23 l Destructive fishing practices can destroy reef communities very effectively in a very short span of time. Dynamite fishing is an example that is also very dangerous for the human participants.

24 Destructive Fishing l Cyanide fishing is a destructive fishing pratice common in southeast Asia. Cyanide (or bleach), when squirted into a crevice will temporarily stun fish for collection by hand. l However, the cyanide also kills coral and other invertebrates near the fish's refuge

25 Reefs in Crisis l 10% of existing reefs destroyed l 30% threatened (destruction by 2020) l 65% depleted within 2 generations l Greatest risk areas –Southeast Asia, East Africa & Caribbean

26 “Pollution, overfishing, and overuse have put many of our unique reefs at risk. Their disappearance would destroy the habitat of countless species. It would unravel the web of marine life that holds the potential for new chemicals, new medicines, unlocking new mysteries. It would have a devastating effect on the coastal communities from Cairns to Key West, Florida- communities whose livelihood depends upon the reefs.” President Bill Clinton, August 1996

27 CORAL REEFS l The “rain forests of the sea,” coral reefs cover more than 6,500 square miles in the Caribbean, the Gulf of Mexico, off Florida and the Pacific. They are home to an estimated 550 species of fish, and are major tourist attractions

28 Economic Losses l The loss of these fragile ecosystems would cost billions of dollars –Tourism and fishing industries u Tourism –$1 billion generated annually by tourism at Australia’s Great Barrier Reef –$1.6 billion by Florida’s reefs –$90 billion by Caribbean reefs and beach tourism u Fishing –6 million tons of fish also provide employment and protein for about 500 million people –Damage to coastal regions that are currently protected by the coral reefs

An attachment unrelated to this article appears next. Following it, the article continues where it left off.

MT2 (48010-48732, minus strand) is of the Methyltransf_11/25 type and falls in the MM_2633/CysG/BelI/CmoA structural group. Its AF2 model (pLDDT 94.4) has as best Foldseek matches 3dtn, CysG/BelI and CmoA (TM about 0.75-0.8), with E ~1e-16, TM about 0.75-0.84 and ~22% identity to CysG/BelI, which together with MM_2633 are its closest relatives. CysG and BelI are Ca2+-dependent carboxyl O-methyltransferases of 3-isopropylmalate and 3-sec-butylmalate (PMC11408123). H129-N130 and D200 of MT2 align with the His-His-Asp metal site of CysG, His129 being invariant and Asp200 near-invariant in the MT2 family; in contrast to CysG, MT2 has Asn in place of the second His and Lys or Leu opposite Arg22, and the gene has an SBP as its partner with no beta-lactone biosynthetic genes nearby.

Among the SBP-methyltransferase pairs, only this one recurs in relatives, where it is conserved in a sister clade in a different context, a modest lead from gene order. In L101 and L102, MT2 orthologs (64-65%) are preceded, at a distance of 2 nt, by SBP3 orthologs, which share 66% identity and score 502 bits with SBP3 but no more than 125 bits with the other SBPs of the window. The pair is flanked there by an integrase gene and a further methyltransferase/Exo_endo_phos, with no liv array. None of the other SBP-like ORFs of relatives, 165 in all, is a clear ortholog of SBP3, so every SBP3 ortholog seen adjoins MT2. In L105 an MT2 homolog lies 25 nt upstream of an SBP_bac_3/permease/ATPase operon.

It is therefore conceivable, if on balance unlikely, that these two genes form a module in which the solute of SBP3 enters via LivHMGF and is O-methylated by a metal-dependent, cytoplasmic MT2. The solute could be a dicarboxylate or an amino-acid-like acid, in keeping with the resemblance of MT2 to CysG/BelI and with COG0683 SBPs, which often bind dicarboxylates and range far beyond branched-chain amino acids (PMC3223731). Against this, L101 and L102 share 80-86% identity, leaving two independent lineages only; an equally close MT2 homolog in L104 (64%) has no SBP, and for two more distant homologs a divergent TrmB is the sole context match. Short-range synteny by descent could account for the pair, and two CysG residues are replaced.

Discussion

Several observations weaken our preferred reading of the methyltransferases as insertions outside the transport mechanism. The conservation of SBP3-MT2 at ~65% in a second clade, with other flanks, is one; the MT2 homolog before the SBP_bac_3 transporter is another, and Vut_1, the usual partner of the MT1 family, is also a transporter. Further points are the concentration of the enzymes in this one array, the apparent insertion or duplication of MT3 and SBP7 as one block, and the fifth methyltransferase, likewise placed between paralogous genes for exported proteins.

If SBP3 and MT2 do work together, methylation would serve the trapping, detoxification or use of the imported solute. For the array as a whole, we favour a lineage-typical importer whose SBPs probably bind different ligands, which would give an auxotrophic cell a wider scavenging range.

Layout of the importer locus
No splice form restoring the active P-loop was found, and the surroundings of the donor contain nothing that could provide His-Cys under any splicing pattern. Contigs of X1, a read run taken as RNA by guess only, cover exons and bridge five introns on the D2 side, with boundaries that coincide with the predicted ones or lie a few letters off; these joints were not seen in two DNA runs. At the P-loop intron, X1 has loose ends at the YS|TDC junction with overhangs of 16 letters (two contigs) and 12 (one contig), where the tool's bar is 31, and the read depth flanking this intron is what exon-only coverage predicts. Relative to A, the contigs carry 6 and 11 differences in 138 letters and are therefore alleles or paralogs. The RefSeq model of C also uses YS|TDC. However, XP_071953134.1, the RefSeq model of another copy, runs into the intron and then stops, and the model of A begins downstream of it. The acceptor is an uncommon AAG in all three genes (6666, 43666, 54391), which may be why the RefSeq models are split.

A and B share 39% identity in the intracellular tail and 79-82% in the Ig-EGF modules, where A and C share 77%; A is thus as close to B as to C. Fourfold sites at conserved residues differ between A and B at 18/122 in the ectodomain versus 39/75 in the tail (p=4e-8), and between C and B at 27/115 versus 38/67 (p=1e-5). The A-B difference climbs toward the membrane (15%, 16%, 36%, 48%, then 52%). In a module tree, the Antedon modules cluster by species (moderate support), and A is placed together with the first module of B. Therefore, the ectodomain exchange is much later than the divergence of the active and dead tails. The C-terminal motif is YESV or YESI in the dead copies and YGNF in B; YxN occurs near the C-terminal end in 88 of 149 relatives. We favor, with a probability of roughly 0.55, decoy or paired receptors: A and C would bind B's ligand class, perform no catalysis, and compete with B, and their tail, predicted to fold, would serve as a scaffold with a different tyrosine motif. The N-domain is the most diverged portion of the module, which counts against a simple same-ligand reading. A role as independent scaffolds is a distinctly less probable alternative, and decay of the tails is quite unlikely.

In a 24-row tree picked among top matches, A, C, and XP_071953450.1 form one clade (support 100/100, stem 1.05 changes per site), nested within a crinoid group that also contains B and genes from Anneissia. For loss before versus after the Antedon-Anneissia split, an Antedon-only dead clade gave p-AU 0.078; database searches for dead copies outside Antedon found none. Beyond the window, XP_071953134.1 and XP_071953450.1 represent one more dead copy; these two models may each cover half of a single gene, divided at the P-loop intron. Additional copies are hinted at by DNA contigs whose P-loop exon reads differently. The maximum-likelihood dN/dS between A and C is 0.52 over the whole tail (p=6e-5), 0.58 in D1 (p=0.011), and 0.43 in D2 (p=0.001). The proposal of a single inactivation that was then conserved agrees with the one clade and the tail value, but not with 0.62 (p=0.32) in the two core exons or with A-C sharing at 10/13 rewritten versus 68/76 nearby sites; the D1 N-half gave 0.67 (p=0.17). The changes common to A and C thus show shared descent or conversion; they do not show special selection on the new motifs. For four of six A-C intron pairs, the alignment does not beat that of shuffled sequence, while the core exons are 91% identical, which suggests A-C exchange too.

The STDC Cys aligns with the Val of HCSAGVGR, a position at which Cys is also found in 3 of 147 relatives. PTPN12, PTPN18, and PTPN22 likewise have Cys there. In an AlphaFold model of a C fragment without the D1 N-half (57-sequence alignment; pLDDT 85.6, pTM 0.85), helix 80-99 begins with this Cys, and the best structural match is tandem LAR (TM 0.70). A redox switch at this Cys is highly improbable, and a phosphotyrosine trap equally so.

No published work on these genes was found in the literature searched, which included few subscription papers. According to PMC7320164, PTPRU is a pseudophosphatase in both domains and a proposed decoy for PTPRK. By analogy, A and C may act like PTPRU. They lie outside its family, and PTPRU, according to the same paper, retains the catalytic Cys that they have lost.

29 Climate Projection Models l Fate of coral reefs if increases in the emission of greenhouse gases continued –Corals can live only in water between 64 degrees and 86 degrees Farenheit, coral bleaching can be triggered by a temperature increase of just 1.8 degrees above the maximum –“If we delay 10 years, the effect will be quite severe, and that’s what this model is showing us. A delay means the death of coral reefs for probably as much as 1,000 years.”(Hoegh-Guldberg, director of the Coral Reef Research Institute at Sydney University in Australia)